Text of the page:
but by the loss of an outside.  

The maintenance of such a space is impossible no matter what
kind of power the scientists have. For me, the consistent motif in the
movie is the natural collapse of such a space. Therefore, one aspect of
the movie is to deal with the entropy of the inside space, that leads
inevitably to its collapse. (This entropy does not apply to the outside).
At one glance, Fukui creates a rather narcissistic image of the
claustrophobic space. It is not his desire to maintain a kind of
Order/Suppression fetish, but on the contrary to make the inside break

Krystian Woznicki:  A particular dimension of Rubber's Lover's
(claustrophobic) cinematic space is subtly intertwined with another
formal novelty that crucially discerns Fukui's second feature from his
first: the question in which historical context the film is set (a matter
that seems effaced in Fukui's minimal/reductive composition) and "la mode
retro," which is, in the first place, composed of Fukui's decision to
shoot in B &W and with "classic" lighting. 
The principle Fukui has imposed upon himself, to shoot only
indoor/inside (that may include outdoor as well like the car scene you
mention shows) is even enhanced through reduced employment of (any
decorative) set elements: the machinery and the people (the scientists)
are from the very outset predominantly in focus.  As we look at the
machines they use, we cannot but notice (hopelessly) outdated standards.
The scientist's futuristic laboratory aim is pursued with a scientific
approach that is far behind our time. A spontaneous search for indications
that might contain historical information reveals that Rubber's Lover  is
devoid of those artefacts with reference to a particular historical
context. Although -at first glance-the film seems to be set in our time,
or the near future, Fukui's "styling" and editing blurs any contemporary
reference (the clothes may be the only exception) on one hand, and informs
artefacts such as experimental equipment, DDD's basic components,
telephones, etc. with an indecipherable (not future but) pastness code,
-they seem of some other age (maybe the 40's, 50's ?), but we cannot
clearly designate a year, or decade of which we may find prove/hints in
the film itself (:no media, including TV, radio, newspapers, no particular
fashion, no particular language; nothing really allows us to
classify/situate the film historically.)
Questions about Fukui's involvement in Japan's >>Cyberpunk<<
movement, of which he certainly is one of the initiators, come to mind.
Associations with Tsukamoto Shinya's The Iron Man (1989) are inevitable;
grounded on superficial similarities. But why, we ask ourselves, would
somebody undertake to make a film  so decisively inspired by a movie made
about six years earlier, characteristic for a "subgenre" that is about to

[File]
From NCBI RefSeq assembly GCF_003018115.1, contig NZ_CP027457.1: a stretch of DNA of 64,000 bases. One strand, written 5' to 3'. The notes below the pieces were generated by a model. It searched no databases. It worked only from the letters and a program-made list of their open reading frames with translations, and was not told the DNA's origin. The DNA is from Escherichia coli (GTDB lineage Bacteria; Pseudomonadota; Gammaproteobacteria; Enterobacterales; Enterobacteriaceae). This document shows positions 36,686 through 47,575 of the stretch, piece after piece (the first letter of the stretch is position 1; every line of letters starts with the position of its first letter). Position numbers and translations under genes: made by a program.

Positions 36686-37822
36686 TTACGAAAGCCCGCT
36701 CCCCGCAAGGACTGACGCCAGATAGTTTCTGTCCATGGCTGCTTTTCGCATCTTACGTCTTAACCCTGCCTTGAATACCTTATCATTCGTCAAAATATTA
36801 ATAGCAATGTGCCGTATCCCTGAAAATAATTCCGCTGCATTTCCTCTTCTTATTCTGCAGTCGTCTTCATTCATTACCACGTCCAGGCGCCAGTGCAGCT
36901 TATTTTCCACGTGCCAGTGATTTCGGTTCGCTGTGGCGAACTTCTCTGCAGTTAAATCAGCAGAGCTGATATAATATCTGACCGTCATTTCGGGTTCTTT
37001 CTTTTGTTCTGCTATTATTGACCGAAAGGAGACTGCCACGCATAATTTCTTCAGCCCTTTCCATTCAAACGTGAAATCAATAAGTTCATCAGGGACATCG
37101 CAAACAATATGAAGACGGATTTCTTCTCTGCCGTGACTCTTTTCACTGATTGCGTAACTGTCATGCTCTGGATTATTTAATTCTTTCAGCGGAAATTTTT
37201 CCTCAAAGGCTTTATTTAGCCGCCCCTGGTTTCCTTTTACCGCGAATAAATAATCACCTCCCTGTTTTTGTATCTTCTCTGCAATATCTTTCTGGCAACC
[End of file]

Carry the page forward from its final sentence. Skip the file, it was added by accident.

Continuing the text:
decline, as it seems to have lost its point of reference? 
Is it difficult, or even say, impossible to designate the film's
setting on historical terms, there is, at the same time, seemingly no
argument to be found which would incite us to plead its
relevance/necessity in its receptive historical context. Couldn't it have
been made some time in the 80's (which the soundtrack suggests)? 
If we realize that Rubber's Lover   is itself a product of and about a
non-definable/non-traceable past, then I wonder how it relates to what is
called >>Cyberpunk<<; a movement that emerged as a reaction on the
cultural dilemma of Japan's 80's generation that was overshadowed by
undigested post WW2 aftereffects. This "subgenre" reinvented the feel
characteristic of popular TV series  such as Ultraman 7 (a product of the
occupation years, which, created in the postwar period, had an enormous
influence on the psychological development of young Japanese boys and
girls, as you mentioned earlier as well) and reevoked those segments of
Japan's immediate post WW2 (psychological) atmosphere informed by moments
such as trauma/impoverishment/defeat which were 'lived' at that time; the
message being, "the vacuum that was  then, is  now. The key to present
problems lies in the past."     

Sawaragi Noi: First I would like to make some supplementary comments on
the reception of Japanese Cyber Punk, which concern Ridley Scott's
Bladerunner  and the later produced New Romance  by William Gibson. After
an overabundance of Japanese images, created by earlier filmmakers, the
works of these two men led to one decisive image of Japan, which is the
setting of a movie-stage resembling "Chiba City."  This image was later
applied by many other filmmakers.  The "Cyber Kids" in Japan mostly quote
those two men and their works as the "classics" of Cyber Punk. However,
did Scott and Gibson really intent to deal with Japan or wasn`t it rather
a coincidence, a creation by chance that their works were associated with
In general "Cyber Punk" as a part and with reference to the